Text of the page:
Preclinical research of Nationwide exon 2 skipping for duplication 2

Exon 2 skipping therapy to induce Internal Ribosomal Entry Site (IRES) activation in Duchenne patients with exon 2 duplications

Questions and Answers

What stage is this research?

This research is pre-clinical, meaning it has not advanced to clinical trials involving people yet. The first-in-human trial is anticipated to begin in the third quarter of 2018.

What steps need to be completed before moving into a clinical trial?

Virus manufacturing for a first-in-human trial is complete. Pre-clinical, IND-enabling toxicity studies are essentially complete. IND submission is anticipated in summer 2018.

What is your best estimate for the length of time it will take to move this research into clinical trials?

4 months.

What is the goal or purpose of this study?

The goal of this study is to induce skipping of either one of both copies of exon 2 in patients with exon 2 duplications.

We intended to induce exon skipping by the use of a virus carrying several copies of a modified small nuclear RNA (U7snRNA) targeted to exon 2, where it interferes with splicing.

Skipping of one copy of exon 2 will be expected to result in a wild-type Duchenne transcript and expression of a full-length dystrophin protein. Skipping of both copies of exon 2 will be expected to result in the activation of an IRES in exon 5 that results in the production of a highly functional version of the dystrophin protein, which was discovered in patients with very mild Becker who were ambulant into their seventh decade.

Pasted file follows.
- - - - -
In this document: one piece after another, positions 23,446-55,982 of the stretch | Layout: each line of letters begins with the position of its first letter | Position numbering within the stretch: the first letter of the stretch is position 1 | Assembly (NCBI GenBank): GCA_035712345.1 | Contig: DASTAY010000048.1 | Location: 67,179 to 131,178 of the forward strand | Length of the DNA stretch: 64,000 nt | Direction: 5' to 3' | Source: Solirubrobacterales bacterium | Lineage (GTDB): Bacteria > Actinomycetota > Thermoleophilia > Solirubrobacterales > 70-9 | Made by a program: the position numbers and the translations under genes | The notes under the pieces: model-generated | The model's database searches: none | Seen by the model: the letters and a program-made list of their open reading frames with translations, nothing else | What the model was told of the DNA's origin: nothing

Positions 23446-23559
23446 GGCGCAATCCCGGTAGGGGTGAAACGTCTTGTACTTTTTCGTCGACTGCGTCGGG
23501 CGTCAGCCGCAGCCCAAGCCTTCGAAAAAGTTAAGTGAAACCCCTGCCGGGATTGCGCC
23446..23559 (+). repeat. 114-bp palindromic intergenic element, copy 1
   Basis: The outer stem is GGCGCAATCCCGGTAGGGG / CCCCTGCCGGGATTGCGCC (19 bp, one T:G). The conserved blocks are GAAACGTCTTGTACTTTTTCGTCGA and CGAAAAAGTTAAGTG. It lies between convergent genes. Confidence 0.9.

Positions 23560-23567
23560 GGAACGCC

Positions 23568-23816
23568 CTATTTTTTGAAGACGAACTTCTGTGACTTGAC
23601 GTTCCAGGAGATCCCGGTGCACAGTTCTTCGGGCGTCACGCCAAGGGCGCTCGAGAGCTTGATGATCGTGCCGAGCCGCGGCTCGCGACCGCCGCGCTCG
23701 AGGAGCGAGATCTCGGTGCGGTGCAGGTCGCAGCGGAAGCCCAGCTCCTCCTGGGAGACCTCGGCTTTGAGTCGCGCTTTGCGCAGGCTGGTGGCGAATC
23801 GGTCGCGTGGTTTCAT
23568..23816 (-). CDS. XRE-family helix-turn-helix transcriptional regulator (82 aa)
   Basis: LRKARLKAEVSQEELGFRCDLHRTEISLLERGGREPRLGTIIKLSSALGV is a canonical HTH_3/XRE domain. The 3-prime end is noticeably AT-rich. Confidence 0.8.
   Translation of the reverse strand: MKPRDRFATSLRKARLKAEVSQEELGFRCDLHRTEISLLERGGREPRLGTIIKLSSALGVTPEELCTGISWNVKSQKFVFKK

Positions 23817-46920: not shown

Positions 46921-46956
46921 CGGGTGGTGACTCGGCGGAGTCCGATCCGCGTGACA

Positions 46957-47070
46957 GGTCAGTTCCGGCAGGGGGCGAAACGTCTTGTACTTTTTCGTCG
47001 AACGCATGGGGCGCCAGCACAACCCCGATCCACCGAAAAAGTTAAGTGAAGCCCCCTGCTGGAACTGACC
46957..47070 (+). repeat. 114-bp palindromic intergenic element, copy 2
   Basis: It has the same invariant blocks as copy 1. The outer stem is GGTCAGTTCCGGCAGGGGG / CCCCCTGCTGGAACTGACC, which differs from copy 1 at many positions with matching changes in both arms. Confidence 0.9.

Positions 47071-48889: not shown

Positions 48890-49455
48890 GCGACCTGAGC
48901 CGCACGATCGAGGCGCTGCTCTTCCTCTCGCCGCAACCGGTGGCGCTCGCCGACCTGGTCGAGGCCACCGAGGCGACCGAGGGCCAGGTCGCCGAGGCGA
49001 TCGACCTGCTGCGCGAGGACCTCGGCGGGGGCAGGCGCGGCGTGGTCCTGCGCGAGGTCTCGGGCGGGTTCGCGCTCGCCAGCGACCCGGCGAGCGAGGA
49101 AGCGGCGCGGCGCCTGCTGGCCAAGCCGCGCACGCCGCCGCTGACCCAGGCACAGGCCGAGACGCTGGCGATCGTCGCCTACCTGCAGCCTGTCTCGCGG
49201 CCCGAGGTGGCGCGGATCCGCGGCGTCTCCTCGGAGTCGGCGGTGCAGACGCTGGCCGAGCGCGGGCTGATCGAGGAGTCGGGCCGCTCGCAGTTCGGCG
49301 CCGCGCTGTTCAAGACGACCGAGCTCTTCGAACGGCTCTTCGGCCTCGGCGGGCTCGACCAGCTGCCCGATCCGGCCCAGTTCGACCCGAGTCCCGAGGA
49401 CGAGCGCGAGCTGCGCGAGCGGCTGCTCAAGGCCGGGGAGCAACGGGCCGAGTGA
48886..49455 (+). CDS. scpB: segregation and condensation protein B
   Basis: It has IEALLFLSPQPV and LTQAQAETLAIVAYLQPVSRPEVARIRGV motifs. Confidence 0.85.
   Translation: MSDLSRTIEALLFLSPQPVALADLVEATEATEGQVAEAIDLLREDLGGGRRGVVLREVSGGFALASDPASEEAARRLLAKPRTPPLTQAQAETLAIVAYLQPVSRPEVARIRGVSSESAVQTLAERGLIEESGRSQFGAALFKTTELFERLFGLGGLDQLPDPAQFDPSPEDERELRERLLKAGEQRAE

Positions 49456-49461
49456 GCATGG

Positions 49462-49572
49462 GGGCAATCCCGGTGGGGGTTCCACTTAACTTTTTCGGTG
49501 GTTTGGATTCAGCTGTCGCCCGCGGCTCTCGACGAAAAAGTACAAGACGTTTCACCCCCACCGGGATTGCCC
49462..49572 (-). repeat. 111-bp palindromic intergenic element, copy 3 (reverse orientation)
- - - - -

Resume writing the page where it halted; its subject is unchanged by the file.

Who is funding this study?

The preclinical development of this study has been funded by CureDuchenne and the Beauhawks Foundation. Manufacturing of the clinical viral vector lot has been funded by the Beauhawks Foundation. Discussions for funding for the clinical trial are underway.

Who will be eligible to participate in this study?

The final enrollment criteria are not set, but we anticipate enrolling pre-ambulant (> age 6 months) and ambulant patients who carry a duplication of exon 2.

What do I have to do if I decide to participate in this study?

This study will involve frequent visits to Nationwide Children’s Hospital. A pre-enrollment check for antibodies to the virus will be performed.

Delivery of the vector will likely require sedation and delivery to both legs via a catheter.

Muscle biopsies will be required at several time points: before and 12 weeks after vector delivery (open biopsies), and at 6 and 12 months after vector delivery (needle biopsies).

How long will this study last, and will I have access to the drug/treatment once the study has ended?

The study will require follow up for two years after injection.

Patients who participate in the trial are unlikely to be eligible for later gene delivery with the same vector, due to the expected development of antibodies to the viral capsid. However, animal studies suggest that genes delivered by AAV viruses will last for years.

If the treatment were to be approved by the FDA, treatments such as immunosuppression or plasmapheresis to clear anti-AAV antibodies may allow future treatment, although this cannot be guaranteed at present.

Why should I consider participating in this study?

Patients who naturally express the IRES-driven isoform of the dystrophin protein walk in to their seventh decade.

Studies in an animal model of exon 2 duplication Duchenne show that skipping can be done very efficiently with the virus.

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